Portland was the host for the 2012 Olympic and Paralympic Games Sailing Events
and justifiably so. It is a spectacular place. Placed in the centre of
the incredible English Channel Jurrasic Coast, a World Heritage Listed
site, it has one of the largest man made harbours in the world.
The area is eight miles from the seaside town of Weymouth on a massive rock that has been described as a northern Gibraltar for it is very like that massive rock in the Mediterranean. Known correctly as the Isle of Portland it is not quite an island for Chesil Beach connects it to the mainland. Chesil Beach itself, or Chesil Bank as it is also known, is an eighteen mile long stretch of shingle, one of three in the country. The A354 road has a bridge over Chesil Beach to Portland, the only road in.
Chesil Beach from Portland
Photograph © Copyright Mark A. Wilson (Department of Geology, The College of Wooster, California.) in the public domain
Together Portland and
are a borough on the coast of the lovely county of
that jewel in the centre of southern England. Portland is only four
miles long and one and half miles wide, but it packs a punch for
location. See it from the South West Coastal Path on top of the cliffs, stunning!!!
The sea area Portland is well known in the British Shipping Forecast along with Dover, Wight and Plymouth covering the English Channel. Probably quite useful during 2012!
The Jurassic Coast itself is 95 miles long of incredible scenery and extends from Swanage to Orcombe Point near Exmouth. Portland, among several, is one of the gateway towns to the coast. The coast is well known for its landforms and fossils and Portland Museum is a local interpretive centre.
Impressive, as it is, the Jurassic Coast became England's first natural World Heritage Site. One of the world's greatest walks is the stunning South West Coast Path National Trail, part of which passes along the Jurassic Coast.
The only road in is the A354. First Group do run a bus service from Weymouth to Portland. Weymouth itself has plenty of public transport in and to the town, local bus, coach and train.
Recommended is the delightful bus trip along the coast from Weymouth to Exeter via Lyme Regis. Spend the day exploring the coast from the top of the X53 bus.
Portland Harbour from the South West Coast Path
Photograph © Hugh Venables
The building of Portland Harbour started in the middle of the 1800's. The breakwater was largely constructed with stone extracted from the Public Works Quarries at the Grove by Portland prisoners under a very hard labour regime. Some prisoners were trained under this project and later went to Australia where they contributed to building projects there.
Many warders at the prison were themselves stonemasons etc. Two warders, brothers, (one of them the head warder) were first cousins of the writer, Thomas Hardy.
The harbour and its breakwater today stands as a memorial to the work of both prisoners and warders and nowadays a joy to the modern world.
This fascinating old photograph is by courtesy of Portland Grove Prison Museum which is the building seen on the right of the trees on this c1904 postcard.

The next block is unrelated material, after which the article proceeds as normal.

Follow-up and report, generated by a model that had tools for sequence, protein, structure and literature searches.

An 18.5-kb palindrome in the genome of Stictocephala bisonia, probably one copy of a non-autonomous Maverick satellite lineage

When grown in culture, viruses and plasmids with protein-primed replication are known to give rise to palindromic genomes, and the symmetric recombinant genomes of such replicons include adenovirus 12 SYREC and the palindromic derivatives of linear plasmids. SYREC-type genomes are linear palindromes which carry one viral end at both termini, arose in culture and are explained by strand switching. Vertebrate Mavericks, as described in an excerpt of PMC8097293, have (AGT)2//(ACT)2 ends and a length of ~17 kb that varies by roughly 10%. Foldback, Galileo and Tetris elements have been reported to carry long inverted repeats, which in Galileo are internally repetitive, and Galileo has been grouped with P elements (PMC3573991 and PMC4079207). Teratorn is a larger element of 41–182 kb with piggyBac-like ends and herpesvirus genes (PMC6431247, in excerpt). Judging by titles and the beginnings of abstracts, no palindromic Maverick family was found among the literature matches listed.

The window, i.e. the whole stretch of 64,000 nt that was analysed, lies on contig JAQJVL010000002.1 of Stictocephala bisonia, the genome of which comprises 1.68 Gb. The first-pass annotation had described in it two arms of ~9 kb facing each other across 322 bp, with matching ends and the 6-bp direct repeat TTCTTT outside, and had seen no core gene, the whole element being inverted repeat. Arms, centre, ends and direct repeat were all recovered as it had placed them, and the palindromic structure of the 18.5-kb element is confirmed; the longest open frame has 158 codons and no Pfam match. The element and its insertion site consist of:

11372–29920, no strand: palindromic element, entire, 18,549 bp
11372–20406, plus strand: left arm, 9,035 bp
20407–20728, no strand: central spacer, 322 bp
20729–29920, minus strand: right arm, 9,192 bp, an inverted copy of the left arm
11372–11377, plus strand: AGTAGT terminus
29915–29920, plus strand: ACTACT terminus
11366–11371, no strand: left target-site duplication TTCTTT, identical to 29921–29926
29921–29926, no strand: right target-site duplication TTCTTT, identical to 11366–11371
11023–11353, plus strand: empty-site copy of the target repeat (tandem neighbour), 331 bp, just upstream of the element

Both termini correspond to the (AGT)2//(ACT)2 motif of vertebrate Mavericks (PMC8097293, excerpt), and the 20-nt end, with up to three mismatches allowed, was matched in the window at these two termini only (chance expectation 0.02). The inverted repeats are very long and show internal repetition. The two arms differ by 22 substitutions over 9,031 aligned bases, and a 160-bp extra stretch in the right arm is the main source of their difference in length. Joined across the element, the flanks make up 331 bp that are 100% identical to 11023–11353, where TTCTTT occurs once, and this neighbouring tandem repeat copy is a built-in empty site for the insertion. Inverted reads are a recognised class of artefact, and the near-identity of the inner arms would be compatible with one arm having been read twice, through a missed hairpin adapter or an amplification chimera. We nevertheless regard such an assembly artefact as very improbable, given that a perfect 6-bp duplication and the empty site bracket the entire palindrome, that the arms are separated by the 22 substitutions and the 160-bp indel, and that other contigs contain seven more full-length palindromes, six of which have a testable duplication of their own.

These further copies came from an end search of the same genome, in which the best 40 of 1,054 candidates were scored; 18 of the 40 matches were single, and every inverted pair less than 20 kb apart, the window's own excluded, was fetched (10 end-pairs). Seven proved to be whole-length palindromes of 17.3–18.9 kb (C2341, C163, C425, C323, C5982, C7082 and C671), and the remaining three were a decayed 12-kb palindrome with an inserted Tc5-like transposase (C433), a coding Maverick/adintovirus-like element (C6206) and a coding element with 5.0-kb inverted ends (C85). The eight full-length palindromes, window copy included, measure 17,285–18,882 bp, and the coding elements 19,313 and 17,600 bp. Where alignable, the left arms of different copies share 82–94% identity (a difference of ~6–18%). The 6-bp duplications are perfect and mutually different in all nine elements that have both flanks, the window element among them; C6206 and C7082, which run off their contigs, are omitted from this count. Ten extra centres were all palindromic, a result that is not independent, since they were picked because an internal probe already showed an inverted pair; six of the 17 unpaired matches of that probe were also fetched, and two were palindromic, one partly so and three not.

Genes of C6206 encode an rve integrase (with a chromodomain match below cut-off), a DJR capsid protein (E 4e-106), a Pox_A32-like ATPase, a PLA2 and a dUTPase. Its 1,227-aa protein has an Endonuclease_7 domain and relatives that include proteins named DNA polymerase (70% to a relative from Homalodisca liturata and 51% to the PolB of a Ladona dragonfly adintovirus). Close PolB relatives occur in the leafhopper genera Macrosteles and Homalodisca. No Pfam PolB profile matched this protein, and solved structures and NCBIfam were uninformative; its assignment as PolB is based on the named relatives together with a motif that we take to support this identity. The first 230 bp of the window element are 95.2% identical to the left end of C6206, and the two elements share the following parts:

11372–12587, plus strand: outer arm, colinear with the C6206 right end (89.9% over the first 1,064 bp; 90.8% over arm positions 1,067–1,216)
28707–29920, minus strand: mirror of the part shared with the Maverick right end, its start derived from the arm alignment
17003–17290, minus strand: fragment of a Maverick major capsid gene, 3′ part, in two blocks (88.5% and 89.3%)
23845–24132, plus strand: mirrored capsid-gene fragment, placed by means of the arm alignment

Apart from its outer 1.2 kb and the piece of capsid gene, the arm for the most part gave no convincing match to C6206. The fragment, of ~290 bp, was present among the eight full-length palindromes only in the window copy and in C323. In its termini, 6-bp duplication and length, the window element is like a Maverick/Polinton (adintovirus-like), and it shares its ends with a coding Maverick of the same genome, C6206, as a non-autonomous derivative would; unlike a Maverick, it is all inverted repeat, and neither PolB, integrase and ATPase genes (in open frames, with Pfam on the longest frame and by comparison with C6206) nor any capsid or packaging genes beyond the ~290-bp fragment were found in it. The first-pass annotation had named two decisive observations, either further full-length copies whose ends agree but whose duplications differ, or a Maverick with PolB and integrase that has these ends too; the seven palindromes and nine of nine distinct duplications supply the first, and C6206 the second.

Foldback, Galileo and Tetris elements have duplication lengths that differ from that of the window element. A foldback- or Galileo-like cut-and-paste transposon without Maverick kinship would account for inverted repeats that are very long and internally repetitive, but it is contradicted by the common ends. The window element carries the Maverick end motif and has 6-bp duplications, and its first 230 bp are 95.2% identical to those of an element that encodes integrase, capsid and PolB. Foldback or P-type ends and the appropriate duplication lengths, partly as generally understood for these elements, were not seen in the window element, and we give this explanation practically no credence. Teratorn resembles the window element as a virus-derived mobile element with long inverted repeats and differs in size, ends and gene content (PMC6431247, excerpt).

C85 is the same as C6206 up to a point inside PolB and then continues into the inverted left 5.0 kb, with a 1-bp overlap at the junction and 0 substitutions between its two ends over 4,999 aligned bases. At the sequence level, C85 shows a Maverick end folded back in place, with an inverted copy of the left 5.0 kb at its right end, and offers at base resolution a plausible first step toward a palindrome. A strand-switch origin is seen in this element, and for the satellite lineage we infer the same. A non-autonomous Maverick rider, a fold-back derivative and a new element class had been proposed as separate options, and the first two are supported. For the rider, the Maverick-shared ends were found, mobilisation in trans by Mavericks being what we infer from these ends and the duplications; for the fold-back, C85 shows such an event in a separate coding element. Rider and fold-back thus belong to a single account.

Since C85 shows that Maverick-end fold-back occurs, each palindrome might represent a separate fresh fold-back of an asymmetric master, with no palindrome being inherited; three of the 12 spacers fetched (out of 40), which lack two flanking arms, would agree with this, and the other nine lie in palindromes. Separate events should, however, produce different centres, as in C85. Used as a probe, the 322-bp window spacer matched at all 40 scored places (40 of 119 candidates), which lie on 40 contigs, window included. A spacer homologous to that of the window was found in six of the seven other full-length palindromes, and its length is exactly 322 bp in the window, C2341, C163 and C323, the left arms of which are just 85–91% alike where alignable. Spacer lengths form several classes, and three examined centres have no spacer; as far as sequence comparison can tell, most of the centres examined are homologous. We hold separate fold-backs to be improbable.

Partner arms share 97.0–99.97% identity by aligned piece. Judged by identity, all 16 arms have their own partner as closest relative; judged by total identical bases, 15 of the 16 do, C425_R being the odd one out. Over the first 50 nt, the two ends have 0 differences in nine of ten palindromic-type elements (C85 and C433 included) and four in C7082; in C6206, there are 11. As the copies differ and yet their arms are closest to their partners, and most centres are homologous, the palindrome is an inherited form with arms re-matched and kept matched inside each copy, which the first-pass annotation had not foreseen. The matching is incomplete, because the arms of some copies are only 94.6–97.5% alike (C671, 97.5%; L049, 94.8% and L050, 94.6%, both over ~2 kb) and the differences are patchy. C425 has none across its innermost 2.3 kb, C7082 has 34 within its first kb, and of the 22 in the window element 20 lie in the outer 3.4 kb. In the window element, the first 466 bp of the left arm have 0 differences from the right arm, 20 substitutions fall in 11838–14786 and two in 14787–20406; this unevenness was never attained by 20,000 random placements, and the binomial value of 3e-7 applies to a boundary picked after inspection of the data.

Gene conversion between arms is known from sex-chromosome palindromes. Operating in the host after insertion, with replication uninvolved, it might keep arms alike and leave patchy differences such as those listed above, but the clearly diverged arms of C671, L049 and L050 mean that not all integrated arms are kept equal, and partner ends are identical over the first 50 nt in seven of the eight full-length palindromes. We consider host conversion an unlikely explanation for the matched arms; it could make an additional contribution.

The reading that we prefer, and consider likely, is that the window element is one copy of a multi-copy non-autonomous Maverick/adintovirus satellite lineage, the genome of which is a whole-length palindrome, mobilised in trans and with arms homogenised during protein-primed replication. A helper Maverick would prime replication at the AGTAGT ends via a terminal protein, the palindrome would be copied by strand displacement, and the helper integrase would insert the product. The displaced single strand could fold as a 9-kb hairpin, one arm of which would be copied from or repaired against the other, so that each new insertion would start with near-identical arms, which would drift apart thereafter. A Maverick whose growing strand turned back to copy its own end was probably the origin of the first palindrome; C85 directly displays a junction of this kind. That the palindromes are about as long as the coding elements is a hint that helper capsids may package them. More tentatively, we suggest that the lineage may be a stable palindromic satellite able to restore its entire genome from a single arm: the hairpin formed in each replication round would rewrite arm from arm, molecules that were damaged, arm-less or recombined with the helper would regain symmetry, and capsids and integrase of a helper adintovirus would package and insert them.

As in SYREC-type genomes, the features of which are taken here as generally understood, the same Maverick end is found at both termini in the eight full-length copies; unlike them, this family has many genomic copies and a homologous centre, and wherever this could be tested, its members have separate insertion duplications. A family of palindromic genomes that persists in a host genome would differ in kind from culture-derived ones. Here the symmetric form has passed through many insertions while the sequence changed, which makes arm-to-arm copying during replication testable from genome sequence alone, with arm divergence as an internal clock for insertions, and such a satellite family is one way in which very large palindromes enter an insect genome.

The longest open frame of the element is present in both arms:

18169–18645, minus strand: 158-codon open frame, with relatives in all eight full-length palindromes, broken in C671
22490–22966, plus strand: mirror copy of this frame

Portland Prison was an
important part of the history of Portland. The prisoners were
responsible for supplying the stone for the harbour breakwater and many of the
buildings seen at the Grove. They rebuilt Portland Prison from 1895 to 1915 using Portland stone.
The Grove Prison Museum is located in part of the Deputy Governor's house opposite the main gate of Portland Prison. It has become an interesting museum portraying as best as they can a piece of the original Portland Convict Prison history from 1848 to 1922 when it became a Borstal Offenders Establishment to 1988 and on to being a Young Offenders Establishment. Nowadays the prison's correct title is HMP (His Majesty's Prison) and HMYOI (His Majesty's Young Offenders Institute) Portland.
The Governor's House was built in 1866, but the Governor's Gardens alongside were laid earlier in 1851. Take it in as you explore Portland. You will find it at the end of Grove Road. It is a short five minute walk overlooking beautiful Portland Harbour and the Breakwater. At the other end of the gardens, just past the Borstal Bowling Club is the Jurassic coastal trail.
The Museum is open four days a week, Thursday, Friday, Saturday and Sunday from 10am to 2pm. Entry is free. Donations are of course always welcome.
Portland was chosen to host the 2012 Olympic and Paralympic Games. An ideal choice. The beautiful and large harbour certainly lends itself to the event with its world wide reputation that it has some of the best sailing waters there is. Together with the fact that the Weymouth and Portland National Sailing Academy itself has world class facilities. A massive plus is the stunning beauty of Portland and the rest of the Dorset coast.
The location appealed to locals and visitors alike for the event could be viewed free from the coast!
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Portland Bill Lighthouse
Photograph © Christine Matthews
There is accommodation in both Portland and Weymouth including Portland Heights Hotel that has stnning views and Queen's Anne's House which is a Grade II listed building. Queen Annes House was built in 1710 by Thomas Gilbert in the local and now famous Portland stone. Please do not leave it too
late as choice will then be thin on the ground!
Weymouth is the next nearest place if you cannot get in in Portland itself. There is plenty of public transport to Portland.
You may not want to stay in the town but the Dorset countryside around. It is an attractive area. Cottages are a very pleasant prospect, come and go as you please in beautiful countryside.
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